There’s a reason Dorothy was so eager to get back home to Kansas — and it has nothing to do with a certain green witch and her flying monkeys. It’s because life is just better in America’s heartland.
For one thing, money goes a lot further in Kansas. The state ranked No. 6 for lowest cost of living in the nation. With an average cost of living 8.7 percent below the national average, residents can afford to do more. Housing prices are also affordable. According to Zillow, the average value for a home in Kansas is $124,900, while the national median home value is $198,000.
Kansas also offers residents one of the best educational systems in the nation. The state ranks No. 17 in high school graduation rates as well as the percentage of adults with a college degree. Ninety percent of adults in Kansas have a high school diploma, while 30 percent of adults over 25 have a college degree. The state ranked No. 12 in children’s education in a national report by The Annie E. Casey Foundation in 2015.
Children seem to thrive in Kansas, making it an ideal place to raise a family. The Sunflower State ranked No. 15 in overall child well-being and No. 9 in economic well-being in 2015, according to the foundation report.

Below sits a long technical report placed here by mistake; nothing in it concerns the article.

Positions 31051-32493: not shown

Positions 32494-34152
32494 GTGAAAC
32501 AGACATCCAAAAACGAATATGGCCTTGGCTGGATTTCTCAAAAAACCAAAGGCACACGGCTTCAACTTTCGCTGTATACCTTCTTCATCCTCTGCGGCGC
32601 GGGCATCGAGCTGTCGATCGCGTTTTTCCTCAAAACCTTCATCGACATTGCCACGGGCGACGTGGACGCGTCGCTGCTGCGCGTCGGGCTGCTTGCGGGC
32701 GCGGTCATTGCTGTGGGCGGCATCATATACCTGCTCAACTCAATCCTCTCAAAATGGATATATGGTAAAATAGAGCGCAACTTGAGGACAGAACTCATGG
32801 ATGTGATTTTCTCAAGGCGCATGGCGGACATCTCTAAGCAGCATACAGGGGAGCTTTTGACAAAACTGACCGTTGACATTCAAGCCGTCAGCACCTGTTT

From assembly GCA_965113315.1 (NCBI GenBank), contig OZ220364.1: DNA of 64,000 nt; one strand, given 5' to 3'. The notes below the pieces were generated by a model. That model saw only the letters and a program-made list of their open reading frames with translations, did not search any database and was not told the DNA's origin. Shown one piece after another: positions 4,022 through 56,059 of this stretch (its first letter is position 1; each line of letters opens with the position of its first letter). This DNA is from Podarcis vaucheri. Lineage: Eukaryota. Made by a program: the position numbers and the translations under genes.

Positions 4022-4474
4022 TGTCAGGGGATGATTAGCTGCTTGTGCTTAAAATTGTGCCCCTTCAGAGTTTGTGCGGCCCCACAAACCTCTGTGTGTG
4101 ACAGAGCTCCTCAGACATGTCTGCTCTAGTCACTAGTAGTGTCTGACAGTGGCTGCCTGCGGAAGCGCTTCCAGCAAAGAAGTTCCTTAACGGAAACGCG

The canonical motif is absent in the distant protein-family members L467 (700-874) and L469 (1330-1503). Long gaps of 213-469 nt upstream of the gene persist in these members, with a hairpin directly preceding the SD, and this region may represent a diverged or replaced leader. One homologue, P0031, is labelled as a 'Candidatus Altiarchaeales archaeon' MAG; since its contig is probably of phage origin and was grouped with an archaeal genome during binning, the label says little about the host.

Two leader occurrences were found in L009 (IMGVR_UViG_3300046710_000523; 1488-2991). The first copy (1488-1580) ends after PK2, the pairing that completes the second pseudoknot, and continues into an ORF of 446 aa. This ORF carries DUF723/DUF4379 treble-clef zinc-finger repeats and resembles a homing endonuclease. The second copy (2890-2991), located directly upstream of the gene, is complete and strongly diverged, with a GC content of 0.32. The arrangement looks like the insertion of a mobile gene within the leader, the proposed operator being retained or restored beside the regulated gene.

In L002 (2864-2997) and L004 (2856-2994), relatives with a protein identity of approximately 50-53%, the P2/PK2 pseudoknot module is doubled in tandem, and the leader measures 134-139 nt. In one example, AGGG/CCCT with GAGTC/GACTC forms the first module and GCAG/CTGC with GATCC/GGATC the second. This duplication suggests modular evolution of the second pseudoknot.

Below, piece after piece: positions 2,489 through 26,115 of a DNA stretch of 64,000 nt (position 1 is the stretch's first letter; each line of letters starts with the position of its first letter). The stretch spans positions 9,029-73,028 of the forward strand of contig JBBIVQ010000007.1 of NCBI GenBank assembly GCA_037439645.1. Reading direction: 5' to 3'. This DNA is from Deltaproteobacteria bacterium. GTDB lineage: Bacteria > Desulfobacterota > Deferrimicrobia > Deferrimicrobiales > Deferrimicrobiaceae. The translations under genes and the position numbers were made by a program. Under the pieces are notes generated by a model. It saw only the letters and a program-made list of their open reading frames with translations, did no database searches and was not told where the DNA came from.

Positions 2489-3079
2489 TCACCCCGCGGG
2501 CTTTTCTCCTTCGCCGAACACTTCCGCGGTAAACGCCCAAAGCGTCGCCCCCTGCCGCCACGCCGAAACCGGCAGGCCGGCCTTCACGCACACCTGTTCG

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While you might picture tall stalks of wheat blowing in the breeze when you think of the Kansas landscape, you’d be way off. Some 2.9 million people call the Sunflower State home. Whether they prefer to live in a small, picturesque community or lead a more cosmopolitan existence, Kansas has more than enough to offer. In fact, Kansas has the fourth-shortest commute in the country with an average drive time of less than 18 minutes.
Since residents have so much extra money and time, they’re better able to take advantage of the state’s stunning weather and scenery, outdoor activities, metropolitan nightlife and historical enclaves.
Visit Kansas compiled a list of 70 locations as part of the “Kansas Bucket List.” The list includes places like the Boot Hill Museum in Dodge City where visitors can enjoy the town’s wild west heritage, the red-hued canyons and mesas of the Gypsum Hills or uniquely shaped landmarks at Mushroom Rock State Park in Marquette, and of course, there’s the Oz Museum in Wamego.